United States District Court, E.D. North Carolina, Western Division
W. FLANAGAN UNITED STATES DISTRICT JUDGE.
matter now is before the court on respondent's motion to
dismiss pursuant to Rules 12(b)(1) and 12(b)(6) of the
Federal Rules of Civil Procedure (DE 23). Also before the
court are petitioner's motion for order to rescind
detainer (DE 12) and request for order of records by subpoena
(DE 30). The issues raised have been fully briefed and are
ripe for adjudication.
was convicted in the United States District Court for the
Middle District of North Carolina of receiving child
pornography videotapes and using a minor to engage in
sexually explicit conduct for the purpose of producing
videotapes. On August 27, 2001, the court sentenced
petitioner to 180 months and 210 months imprisonment to run
concurrently, together with restitution of $8, 100.00.
See Order, United States v. Prentice, No.
1:01-CR-31-JAB-1 (M.D. N.C. Jan. 27, 2016); see also
Docket Entry, Prentice, No. 1:01-CR-31-JAB-1 (M.D.
N.C. Aug. 27, 2001). In a separate state court criminal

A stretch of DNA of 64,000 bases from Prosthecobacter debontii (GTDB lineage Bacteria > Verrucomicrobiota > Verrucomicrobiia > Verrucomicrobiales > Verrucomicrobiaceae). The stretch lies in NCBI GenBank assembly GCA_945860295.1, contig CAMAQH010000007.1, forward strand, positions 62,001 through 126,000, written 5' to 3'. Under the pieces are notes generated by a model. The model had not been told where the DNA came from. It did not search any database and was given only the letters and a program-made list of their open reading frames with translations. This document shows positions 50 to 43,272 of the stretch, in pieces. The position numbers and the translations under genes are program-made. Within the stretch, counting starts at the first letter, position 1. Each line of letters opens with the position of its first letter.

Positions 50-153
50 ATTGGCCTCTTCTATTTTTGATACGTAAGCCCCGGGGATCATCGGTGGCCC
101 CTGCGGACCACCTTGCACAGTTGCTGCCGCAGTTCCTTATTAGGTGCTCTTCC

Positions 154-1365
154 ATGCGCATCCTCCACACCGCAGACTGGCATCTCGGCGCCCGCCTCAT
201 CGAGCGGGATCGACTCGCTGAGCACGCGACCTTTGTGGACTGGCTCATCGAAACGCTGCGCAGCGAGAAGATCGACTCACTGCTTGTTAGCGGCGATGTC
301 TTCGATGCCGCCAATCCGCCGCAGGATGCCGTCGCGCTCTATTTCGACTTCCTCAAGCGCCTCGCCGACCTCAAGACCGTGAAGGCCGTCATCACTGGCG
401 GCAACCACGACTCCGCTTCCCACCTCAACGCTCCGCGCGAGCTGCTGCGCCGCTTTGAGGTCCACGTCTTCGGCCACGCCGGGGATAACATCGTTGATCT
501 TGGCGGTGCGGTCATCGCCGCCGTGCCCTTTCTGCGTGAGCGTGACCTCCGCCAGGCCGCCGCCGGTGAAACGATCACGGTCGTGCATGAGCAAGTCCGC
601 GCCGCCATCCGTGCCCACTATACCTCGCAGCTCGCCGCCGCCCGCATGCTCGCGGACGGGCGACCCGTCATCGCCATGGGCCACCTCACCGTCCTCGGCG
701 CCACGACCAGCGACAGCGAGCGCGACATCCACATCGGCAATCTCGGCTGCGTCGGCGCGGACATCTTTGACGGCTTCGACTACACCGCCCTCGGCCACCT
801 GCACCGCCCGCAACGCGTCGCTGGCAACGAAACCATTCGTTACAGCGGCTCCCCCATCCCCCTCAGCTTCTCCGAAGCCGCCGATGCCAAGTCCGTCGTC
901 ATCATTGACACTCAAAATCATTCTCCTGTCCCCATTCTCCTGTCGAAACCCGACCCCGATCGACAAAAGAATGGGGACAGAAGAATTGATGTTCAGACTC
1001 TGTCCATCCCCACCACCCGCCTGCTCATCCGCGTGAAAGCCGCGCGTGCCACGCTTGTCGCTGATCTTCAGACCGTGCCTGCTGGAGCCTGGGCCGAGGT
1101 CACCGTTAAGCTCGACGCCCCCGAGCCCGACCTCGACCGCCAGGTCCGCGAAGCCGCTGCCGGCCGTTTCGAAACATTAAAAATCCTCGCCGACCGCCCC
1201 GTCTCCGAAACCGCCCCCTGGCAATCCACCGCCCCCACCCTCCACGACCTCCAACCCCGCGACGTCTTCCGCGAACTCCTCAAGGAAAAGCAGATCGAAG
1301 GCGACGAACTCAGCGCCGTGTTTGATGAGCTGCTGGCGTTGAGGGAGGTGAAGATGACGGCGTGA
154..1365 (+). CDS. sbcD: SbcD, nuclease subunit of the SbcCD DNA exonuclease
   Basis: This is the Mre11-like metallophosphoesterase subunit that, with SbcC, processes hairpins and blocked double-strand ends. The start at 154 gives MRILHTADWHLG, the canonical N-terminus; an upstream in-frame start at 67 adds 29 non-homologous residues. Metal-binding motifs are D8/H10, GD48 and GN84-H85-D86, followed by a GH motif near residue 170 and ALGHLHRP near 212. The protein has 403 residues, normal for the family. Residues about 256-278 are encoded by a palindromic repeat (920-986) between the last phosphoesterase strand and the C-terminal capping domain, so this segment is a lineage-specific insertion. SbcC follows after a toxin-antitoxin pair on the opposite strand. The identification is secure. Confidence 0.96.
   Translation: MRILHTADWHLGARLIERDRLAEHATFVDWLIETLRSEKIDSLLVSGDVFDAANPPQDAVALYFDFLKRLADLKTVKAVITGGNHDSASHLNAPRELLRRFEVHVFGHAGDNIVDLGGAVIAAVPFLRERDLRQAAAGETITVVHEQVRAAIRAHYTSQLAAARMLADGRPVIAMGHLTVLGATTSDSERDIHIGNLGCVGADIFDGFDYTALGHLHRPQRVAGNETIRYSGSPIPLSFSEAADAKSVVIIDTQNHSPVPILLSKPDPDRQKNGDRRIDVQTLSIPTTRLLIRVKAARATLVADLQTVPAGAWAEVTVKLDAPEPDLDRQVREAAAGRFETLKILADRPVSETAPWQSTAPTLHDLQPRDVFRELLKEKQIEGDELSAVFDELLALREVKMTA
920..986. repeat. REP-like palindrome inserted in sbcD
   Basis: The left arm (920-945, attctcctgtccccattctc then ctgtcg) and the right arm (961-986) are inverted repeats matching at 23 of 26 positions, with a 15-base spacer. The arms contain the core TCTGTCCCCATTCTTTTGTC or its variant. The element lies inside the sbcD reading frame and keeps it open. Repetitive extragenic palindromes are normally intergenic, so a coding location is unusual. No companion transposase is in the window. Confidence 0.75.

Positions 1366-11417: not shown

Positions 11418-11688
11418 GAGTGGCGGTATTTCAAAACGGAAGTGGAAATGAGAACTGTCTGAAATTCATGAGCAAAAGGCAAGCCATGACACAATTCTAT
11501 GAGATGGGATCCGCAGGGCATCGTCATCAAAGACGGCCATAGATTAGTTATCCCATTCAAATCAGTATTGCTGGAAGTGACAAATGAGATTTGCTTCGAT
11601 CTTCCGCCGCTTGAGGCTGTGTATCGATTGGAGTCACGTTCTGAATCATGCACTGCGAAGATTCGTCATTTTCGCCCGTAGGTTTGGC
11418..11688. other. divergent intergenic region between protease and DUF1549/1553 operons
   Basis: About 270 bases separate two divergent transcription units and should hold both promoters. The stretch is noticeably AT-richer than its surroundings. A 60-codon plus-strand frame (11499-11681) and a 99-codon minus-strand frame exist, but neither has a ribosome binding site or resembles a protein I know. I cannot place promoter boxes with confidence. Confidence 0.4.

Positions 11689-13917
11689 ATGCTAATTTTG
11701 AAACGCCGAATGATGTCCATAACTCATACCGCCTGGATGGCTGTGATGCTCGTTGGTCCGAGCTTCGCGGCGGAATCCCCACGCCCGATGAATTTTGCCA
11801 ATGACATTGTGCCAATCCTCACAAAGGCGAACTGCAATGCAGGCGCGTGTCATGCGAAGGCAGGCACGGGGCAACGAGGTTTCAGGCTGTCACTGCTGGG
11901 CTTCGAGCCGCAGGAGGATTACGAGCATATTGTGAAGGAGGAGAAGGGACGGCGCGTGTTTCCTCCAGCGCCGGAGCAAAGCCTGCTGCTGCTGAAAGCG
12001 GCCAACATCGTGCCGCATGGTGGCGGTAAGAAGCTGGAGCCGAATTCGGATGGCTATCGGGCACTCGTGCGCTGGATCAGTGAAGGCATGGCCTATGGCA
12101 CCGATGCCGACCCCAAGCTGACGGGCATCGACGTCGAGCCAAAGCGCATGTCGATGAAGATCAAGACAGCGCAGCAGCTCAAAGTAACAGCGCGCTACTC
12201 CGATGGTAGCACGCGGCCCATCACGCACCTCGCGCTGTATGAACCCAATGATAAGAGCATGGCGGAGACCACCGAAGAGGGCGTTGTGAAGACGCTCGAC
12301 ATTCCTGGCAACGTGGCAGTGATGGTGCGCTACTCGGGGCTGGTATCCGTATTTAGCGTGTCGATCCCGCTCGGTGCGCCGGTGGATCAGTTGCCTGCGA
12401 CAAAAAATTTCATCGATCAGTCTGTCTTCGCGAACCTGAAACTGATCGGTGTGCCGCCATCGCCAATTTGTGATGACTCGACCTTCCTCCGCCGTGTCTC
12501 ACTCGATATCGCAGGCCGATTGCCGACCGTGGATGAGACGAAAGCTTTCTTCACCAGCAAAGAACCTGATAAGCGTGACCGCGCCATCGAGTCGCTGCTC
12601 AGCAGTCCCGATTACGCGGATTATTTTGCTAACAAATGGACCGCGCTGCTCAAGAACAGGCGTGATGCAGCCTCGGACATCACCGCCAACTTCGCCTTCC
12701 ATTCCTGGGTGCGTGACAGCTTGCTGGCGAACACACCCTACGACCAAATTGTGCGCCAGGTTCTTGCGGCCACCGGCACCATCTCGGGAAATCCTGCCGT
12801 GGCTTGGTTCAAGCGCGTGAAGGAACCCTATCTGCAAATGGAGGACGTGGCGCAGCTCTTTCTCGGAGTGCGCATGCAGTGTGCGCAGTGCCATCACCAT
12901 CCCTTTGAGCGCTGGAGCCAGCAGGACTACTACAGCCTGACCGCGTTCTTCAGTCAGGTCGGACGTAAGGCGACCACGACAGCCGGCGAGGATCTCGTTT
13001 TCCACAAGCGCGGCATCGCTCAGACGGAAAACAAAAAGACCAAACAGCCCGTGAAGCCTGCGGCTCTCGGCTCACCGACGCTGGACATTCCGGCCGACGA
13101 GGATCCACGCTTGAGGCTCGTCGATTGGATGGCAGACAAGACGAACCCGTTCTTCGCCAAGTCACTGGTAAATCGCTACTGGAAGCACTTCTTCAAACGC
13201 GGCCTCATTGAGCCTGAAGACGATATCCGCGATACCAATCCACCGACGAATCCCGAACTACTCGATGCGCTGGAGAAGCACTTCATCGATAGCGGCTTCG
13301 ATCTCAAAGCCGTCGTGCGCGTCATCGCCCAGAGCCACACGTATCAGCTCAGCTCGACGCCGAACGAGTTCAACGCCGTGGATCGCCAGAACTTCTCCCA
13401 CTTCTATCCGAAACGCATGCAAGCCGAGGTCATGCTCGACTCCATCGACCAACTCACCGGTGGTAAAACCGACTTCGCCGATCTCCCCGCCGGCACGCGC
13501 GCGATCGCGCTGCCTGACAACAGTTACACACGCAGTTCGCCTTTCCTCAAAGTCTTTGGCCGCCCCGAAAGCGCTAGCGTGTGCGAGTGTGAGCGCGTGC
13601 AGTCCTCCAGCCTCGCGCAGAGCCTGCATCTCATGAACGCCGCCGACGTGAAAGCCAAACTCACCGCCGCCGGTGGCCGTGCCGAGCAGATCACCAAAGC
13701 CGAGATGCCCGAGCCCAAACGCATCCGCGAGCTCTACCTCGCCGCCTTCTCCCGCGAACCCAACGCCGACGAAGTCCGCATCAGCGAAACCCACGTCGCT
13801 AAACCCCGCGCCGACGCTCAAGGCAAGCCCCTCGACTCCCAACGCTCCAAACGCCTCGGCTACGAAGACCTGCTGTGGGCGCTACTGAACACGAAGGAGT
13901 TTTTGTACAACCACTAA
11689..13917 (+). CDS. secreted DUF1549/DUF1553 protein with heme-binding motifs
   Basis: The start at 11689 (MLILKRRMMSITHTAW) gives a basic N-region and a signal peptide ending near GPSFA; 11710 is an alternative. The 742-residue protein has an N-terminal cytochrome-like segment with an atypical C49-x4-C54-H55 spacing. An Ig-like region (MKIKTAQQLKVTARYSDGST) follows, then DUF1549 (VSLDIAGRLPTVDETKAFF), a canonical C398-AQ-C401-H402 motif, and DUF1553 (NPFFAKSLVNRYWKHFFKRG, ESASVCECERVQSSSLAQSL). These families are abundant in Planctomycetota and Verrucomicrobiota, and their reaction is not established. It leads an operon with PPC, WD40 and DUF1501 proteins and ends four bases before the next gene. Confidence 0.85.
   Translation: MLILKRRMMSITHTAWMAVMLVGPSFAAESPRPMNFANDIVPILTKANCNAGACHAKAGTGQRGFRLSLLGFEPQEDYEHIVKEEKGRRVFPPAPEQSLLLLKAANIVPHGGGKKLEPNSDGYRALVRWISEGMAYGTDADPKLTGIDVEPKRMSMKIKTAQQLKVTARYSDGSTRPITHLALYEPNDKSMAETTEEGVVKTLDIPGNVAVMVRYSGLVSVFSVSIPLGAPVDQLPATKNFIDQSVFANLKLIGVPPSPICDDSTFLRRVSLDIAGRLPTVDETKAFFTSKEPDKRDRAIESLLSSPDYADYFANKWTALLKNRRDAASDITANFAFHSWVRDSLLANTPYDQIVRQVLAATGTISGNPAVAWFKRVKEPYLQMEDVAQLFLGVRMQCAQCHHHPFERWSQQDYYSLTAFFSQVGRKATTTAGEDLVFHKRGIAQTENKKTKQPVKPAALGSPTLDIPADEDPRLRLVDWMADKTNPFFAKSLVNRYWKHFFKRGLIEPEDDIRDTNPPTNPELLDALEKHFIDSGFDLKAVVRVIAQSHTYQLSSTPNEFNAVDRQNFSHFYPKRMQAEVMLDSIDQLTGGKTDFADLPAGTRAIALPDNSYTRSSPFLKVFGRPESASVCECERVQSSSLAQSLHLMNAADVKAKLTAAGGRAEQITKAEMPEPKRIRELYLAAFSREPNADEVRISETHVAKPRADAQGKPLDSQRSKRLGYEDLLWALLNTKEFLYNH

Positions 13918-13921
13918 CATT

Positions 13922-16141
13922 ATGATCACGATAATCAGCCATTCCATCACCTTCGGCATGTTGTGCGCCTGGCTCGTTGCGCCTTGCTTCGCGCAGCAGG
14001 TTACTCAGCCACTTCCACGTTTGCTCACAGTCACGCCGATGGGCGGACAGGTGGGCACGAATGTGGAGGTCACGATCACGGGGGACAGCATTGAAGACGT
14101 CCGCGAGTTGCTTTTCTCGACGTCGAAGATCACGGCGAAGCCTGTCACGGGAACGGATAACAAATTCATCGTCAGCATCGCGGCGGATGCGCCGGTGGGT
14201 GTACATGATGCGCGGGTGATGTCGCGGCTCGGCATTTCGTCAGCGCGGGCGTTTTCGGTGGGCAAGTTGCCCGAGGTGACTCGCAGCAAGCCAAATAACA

action, petitioner was convicted of a first-degree sex
offense, first- degree rape, and indecent liberties in
conjunction with his rape of a three-year old child as
depicted in the videos. See Order,
Prentice, No. 1:01-CR-31-JAB-1 (M.D. N.C. Jan. 27,
April 7, 2014, petitioner filed a petition for a writ of
habeas corpus pursuant to 28 U.S.C. § 2241,
“alleging various claims regarding property seized
following his arrest, issues surrounding the payment of his
restitution order, funds paid by him in the form of inmate
medical co-pays, the loss of his prison job, the denial of
access to the Bureau of Prisons (‘BOP') TRULINCS1
inmate email system, issues concerning language in his
Presentence Investigation Report (‘PSR'), and
challenging several of his supervised release
conditions.” Prentice v. Bureau of Prisons,
No. 5:14-HC-2062-BO, 2015 WL 4928953 (E.D. N.C. Aug. 18,
2015) (hereinafter “Prentice I”),
aff'd sub nom. Prentice v. Andrews, 633
Fed.Appx. 587 (4th Cir. 2016). These claims included
challenges to the payment schedule imposed by the BOP through
the Inmate Financial Responsibility Program
(“IFRP”). Id. at * 4. Petitioner's
first § 2241 petition was dismissed on the merits upon
motion for summary judgment.